Unfolding almost a decade ago, the global financial crisis still affects governments all over the world. Austria has been hit only moderately, showing one of the lowest debt and unemployment levels in the European Union throughout the crisis years. However, the crisis’ aftermath affected the financial situation of Austrian local governments significantly. Although they are self-administered and exert high political and functional autonomy, local governments rely heavily on shared tax revenues with the federal level. These shared revenues as well as local governments’ own tax revenues declined, mirroring the economic turmoil following the financial crisis. This chapter aims to explore how Austrian local governments responded to these challenges. It does so by investigating the contextual conditions as well as internal capacities through the lens of financial resilience. All four cases included in the analysis highlighted that institutional conditions and general trends, e.g. tasks devolved from upper levels of government without sufficient compensation, limit their ability to cope with financial shocks. In this context, different patterns of financial resilience can be observed. While two cases initially showed low anticipatory and coping capacities, awareness of decision-makers resulted in building internal capacities and in making necessary changes early or as a response to the shock. The other two, however, seem to rest on their laurels of strong capacities in the past, and to rely mainly on their buffering capacities in reacting to shocks, thus increasing their vulnerability in the future.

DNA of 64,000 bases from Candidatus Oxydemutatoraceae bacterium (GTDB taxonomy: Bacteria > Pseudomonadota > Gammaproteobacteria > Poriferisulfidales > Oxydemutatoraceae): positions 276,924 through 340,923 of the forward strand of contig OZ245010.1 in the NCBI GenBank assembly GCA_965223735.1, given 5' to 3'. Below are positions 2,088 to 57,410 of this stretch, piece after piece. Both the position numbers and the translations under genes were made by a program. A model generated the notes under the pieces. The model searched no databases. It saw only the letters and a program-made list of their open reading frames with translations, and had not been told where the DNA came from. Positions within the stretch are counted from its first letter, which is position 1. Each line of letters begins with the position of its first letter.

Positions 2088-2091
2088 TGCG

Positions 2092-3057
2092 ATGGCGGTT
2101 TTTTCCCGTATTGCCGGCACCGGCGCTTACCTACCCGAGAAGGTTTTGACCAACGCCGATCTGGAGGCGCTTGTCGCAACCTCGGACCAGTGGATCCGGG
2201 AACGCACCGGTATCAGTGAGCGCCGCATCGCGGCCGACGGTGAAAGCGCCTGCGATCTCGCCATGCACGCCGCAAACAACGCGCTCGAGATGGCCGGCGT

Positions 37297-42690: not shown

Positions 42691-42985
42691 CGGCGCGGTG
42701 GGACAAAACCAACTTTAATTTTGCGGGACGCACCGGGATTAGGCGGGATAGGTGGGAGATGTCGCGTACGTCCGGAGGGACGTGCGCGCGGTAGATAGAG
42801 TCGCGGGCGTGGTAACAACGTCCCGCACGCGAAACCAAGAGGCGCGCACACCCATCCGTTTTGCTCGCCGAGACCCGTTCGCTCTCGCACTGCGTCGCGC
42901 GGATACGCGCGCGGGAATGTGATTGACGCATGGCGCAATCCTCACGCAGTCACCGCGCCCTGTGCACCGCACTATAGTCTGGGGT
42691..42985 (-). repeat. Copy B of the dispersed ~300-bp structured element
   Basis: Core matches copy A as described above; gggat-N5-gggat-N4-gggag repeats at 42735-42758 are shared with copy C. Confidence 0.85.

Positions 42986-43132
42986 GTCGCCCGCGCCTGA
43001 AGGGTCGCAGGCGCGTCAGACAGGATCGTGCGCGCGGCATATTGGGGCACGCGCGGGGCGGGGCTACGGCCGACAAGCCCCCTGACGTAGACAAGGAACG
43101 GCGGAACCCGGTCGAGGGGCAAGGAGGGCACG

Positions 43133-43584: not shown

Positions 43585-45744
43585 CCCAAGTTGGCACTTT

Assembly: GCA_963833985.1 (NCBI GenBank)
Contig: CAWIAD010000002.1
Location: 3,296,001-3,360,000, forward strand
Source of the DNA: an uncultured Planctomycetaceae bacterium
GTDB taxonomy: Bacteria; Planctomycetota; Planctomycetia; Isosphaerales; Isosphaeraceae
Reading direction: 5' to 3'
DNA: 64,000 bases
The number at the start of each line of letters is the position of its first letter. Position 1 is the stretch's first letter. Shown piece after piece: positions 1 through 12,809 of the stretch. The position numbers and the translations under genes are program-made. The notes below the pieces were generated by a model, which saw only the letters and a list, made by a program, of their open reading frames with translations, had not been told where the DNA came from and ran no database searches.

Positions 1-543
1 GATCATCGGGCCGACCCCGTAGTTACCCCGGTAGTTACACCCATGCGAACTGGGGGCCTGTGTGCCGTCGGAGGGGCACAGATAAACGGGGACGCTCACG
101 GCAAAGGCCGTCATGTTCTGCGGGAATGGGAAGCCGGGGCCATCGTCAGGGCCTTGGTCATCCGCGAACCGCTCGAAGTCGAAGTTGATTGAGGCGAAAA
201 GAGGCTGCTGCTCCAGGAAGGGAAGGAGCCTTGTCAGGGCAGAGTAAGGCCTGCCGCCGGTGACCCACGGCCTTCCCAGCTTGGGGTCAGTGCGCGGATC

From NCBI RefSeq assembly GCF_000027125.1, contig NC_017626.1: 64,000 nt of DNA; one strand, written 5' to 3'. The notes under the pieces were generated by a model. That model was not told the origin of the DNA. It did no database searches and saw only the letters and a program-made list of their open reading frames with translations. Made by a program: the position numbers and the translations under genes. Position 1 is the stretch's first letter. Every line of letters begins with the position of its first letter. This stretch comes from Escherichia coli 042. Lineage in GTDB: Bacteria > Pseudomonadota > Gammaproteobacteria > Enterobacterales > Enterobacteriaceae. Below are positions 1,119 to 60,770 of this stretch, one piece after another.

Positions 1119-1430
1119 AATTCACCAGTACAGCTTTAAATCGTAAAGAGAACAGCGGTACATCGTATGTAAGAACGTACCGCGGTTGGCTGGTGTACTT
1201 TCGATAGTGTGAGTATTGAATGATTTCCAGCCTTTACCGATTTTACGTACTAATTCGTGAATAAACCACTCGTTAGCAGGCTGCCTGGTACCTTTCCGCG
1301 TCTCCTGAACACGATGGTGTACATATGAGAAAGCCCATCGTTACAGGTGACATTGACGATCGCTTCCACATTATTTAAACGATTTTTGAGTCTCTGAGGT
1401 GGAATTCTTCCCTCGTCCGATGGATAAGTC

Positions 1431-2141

Korac, S. (2017), "Austria – Building Capacities Versus Resting on Laurels", Governmental Financial Resilience (Public Policy and Governance, Vol. 27), Emerald Publishing Limited, Bingley, pp. 17-33. https://doi.org/10.1108/S2053-769720170000027002
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